Legendary country singer and songwriter Mac Davis has died aged 78, his manager has confirmed.
The news follows days after Davis’s family announced that the musician was “critically ill" after undergoing heart surgery in Nashville.
The Texan native was born in Lubbock in 1942. He first found fame working as a songwriter for Elvis Presley in 1969.
Davis is behind the lyrics to some of Presley's most memorable tracks such as “In the Ghetto”, “Memories”, “Don’t Cry Daddy”, and his posthumous hit “A Little Less Conversation”.
Davis’s songwriting catalogue also includes Glen Campbell’s “Everything a Man Could Ever Need” and “Something’s Burning” performed by Kenny Rogers and the First Edition.
While he is primarily known as a songwriter, Davis became a prominent country singer too. He earned a Grammy nomination with his 1972 song “Baby Don’t Get Hooked On Me”.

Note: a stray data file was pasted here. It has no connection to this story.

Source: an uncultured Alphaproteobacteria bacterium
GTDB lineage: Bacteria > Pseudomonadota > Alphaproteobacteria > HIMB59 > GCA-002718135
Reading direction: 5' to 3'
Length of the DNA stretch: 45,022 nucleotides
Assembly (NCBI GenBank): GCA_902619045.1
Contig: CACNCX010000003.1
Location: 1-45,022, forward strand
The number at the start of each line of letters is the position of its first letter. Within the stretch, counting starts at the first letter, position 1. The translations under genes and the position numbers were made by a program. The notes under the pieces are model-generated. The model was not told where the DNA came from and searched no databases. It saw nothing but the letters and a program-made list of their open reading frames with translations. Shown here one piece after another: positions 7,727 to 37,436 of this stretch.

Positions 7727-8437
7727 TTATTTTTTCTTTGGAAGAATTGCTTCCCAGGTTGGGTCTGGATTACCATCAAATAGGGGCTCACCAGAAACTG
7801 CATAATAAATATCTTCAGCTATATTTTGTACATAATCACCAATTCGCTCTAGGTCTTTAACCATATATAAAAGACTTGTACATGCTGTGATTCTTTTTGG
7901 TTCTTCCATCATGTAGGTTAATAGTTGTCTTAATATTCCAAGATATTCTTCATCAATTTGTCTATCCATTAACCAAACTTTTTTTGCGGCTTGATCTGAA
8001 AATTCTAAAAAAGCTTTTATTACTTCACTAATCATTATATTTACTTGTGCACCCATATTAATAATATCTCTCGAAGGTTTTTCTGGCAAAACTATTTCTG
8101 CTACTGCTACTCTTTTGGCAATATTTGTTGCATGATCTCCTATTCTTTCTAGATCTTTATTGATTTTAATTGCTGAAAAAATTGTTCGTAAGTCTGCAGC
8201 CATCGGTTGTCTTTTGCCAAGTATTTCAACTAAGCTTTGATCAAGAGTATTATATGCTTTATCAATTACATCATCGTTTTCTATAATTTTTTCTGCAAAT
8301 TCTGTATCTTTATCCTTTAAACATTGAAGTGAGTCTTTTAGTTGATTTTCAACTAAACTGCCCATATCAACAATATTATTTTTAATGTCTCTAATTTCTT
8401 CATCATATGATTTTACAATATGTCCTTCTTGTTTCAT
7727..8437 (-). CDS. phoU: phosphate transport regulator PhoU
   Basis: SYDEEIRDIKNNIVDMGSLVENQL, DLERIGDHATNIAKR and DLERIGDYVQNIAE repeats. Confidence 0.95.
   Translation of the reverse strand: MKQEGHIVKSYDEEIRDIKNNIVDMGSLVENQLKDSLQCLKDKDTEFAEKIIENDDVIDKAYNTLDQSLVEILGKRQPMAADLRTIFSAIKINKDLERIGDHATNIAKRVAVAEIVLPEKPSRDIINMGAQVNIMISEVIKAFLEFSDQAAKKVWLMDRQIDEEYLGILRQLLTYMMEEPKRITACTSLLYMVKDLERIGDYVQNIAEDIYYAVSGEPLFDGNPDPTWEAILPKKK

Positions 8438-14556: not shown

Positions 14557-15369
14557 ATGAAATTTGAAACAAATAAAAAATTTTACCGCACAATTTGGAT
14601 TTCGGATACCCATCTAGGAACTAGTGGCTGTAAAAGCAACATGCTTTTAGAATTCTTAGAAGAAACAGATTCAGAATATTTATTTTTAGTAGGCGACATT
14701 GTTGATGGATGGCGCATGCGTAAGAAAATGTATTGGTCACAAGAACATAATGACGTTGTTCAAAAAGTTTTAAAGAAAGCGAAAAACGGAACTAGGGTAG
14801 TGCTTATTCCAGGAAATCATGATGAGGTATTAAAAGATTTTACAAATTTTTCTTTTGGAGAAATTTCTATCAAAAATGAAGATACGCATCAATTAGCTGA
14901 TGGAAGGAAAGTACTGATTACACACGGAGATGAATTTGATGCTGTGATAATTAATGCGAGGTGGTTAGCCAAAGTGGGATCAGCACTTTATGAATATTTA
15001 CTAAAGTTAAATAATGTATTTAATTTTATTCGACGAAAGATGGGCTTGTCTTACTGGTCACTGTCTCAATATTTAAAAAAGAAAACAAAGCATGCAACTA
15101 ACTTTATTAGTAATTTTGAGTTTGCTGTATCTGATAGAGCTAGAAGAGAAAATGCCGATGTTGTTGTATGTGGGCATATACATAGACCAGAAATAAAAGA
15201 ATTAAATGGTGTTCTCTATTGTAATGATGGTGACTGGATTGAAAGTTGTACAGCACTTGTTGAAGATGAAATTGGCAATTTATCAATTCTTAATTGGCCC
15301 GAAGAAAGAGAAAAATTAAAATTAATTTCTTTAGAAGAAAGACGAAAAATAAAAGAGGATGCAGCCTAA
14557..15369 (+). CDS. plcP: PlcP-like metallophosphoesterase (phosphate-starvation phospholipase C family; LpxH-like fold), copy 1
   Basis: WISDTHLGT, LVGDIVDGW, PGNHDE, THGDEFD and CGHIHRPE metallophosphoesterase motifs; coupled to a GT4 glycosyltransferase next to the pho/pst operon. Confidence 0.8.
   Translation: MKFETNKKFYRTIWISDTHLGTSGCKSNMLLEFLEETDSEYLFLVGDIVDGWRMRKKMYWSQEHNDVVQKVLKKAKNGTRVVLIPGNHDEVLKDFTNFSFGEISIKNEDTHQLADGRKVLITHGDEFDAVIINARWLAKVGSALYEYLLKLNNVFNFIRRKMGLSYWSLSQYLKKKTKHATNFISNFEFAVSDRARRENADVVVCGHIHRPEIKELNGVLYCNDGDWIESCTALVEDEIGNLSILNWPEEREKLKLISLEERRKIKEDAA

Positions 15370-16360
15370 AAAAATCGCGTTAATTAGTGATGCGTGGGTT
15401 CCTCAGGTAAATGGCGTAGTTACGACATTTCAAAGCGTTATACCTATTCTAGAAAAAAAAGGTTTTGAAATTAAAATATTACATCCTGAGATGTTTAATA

In his life, the country music artist received worldwide recognition for his contribution to music. He was named the Academy of Country Music’s Entertainer of the Year in 1974 and received a star on the Hollywood Walk of Fame in 1998.
Davis also enjoyed modest success on television as well, hosting his own variety series The Mac Davis Show on NBC from 1974 to 1976.
Most recently, in 2019, he featured in an episode of the Netflix docuseries Dolly Parton’s Heartstrings.
In 2000, Davis was admitted into the Nashville Songwriters Hall of Fame before he entered the national Songwriters Hall of Fame in 2006.